Kids eat right.

Should Your Child be a Flexitarian?

Reviewed by Barbara Gordon, RDN, LD
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Considering a vegetarian diet for your family, but unsure about taking the plunge? A flexitarian diet may be a happy middle ground. This mostly plant-based lifestyle allows for small portions of meat, fish and poultry. It's less restrictive than a vegetarian diet, but delivers many of the same health benefits.

Intrigued? Here's how to help your family flex in four simple steps.

Rethink Your Plate

A flexitarian plate looks a lot like the USDA's MyPlate. Vegetables and fruits take center stage, covering half of your plate. Then, divide the balance 50-50 between whole grains and lean protein. The protein can be meat, poultry or fish, but it also can be plant-based protein such as beans. Beans contain fiber, iron, potassium and heart-smart plant protein. That makes them a healthy stand-in for meat in tacos, burritos, pasta, chili or stir-fries. Drain and rinse canned beans thoroughly to remove up to 40 percent of the sodium. And then, simply trade ¼ cup of beans for every ounce of meat you'd usually use. While you're at it, experiment with other meat substitutes too. Instead of a hamburger, serve up a veggie burger or swap tofu cutlets for chicken cutlets.

Pump Up the Nutrition

When meat, poultry and fish move to the sidelines it's easy to reach for child-friendly favorites such as French fries, pizza and macaroni and cheese. Yet, these can be high in fat and calories and lack the nutritional punch of other plant-based foods such as whole grains, fruits, vegetables and beans. Try a new vegetarian recipe each week. Ask friends to share their kids' favorite vegetarian recipes.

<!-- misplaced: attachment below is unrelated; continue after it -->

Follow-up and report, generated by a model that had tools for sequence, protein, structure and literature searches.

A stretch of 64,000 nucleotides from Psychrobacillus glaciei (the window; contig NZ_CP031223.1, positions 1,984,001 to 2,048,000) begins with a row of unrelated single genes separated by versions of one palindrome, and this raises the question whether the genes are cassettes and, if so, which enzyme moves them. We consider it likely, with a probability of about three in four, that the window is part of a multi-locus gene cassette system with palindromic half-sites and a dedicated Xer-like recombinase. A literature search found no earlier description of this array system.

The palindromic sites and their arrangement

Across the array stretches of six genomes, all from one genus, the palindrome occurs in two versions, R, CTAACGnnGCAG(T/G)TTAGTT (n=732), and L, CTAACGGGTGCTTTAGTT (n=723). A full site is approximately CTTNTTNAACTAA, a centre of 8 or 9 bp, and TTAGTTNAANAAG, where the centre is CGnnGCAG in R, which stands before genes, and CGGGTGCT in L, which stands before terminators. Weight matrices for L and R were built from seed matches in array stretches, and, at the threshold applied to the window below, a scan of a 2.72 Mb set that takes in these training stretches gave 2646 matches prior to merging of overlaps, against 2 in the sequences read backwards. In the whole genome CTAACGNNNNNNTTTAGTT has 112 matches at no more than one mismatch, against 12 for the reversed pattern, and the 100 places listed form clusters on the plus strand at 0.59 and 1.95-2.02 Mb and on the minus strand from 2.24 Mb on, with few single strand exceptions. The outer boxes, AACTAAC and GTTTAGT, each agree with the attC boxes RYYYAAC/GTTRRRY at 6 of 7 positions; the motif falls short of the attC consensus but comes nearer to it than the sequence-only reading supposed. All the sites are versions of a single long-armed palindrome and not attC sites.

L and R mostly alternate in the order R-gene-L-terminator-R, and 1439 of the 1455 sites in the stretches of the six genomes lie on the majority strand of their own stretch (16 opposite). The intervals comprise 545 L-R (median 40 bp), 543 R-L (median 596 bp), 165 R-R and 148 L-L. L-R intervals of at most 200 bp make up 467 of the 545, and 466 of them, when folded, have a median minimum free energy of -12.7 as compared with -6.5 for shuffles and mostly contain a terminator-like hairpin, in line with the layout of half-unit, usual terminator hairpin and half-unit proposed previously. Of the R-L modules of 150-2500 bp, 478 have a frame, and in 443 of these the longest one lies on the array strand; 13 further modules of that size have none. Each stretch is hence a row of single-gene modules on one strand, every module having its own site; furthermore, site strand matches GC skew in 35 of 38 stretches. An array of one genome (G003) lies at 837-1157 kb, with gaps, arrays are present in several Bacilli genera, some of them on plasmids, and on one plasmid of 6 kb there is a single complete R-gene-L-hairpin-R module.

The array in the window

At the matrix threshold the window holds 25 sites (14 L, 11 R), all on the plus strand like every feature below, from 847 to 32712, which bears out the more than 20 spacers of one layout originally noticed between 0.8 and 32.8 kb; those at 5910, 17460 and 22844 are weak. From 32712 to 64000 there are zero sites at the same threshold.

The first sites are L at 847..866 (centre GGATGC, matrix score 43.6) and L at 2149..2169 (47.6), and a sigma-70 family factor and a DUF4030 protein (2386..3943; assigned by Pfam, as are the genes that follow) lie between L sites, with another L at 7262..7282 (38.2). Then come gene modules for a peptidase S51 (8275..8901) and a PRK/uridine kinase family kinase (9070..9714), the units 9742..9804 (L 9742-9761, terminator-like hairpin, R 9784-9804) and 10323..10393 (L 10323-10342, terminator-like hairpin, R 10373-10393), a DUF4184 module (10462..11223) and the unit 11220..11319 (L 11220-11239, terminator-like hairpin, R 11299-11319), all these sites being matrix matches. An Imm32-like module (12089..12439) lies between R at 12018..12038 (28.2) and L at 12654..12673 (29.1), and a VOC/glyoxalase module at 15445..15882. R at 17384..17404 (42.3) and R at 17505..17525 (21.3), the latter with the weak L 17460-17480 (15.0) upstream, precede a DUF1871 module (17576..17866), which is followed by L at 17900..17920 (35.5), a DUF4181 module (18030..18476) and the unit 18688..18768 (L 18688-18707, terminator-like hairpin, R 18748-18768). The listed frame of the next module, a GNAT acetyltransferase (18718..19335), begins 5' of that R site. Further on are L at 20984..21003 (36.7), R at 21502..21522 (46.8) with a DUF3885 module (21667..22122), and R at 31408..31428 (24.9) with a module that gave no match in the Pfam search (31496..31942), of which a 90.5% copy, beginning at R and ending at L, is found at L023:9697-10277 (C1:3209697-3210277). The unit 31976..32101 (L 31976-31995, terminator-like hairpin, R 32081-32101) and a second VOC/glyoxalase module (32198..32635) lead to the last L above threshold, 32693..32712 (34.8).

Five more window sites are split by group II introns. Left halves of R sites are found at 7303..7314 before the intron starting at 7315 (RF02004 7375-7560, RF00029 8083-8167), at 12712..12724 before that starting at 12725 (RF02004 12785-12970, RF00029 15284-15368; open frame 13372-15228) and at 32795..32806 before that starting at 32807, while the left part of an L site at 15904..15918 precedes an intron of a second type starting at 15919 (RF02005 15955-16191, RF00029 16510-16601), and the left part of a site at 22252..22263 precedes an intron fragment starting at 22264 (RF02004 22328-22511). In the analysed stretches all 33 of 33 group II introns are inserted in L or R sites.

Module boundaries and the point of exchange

Don't Forget the Calcium

Low-fat dairy products are an excellent source of the calcium your child needs for strong bones. They also supply plenty of high-quality protein to support growth. Children need two to three servings of a calcium-rich food or beverage each day - two servings for kids 2 to 3 years, two-and-a-half servings for those 4 to 8 years, and three servings for older kids and teens. If your family doesn't consume dairy, fortified soymilk or 100% fruit juice is a smart substitute. Cooked collard greens, calcium-fortified tofu and soybeans also are good choices.

Fill in the Gaps

Flexitarian diets can deliver all the nutrition your children need. However, ensuring adequate intake of iron requires extra attention. Without enough iron, your child may become tired, listless or have difficulty concentrating. Your body can't absorb the iron in plant foods as well as the kind found in beef, poultry or fish. So, offer your child iron-fortified whole-grain cereal for breakfast or a snack. Also, pair iron-rich plant foods such as beans, lentils and spinach with foods high in vitamin C, such as tomatoes, peppers and citrus fruits. This can help increase iron absorption.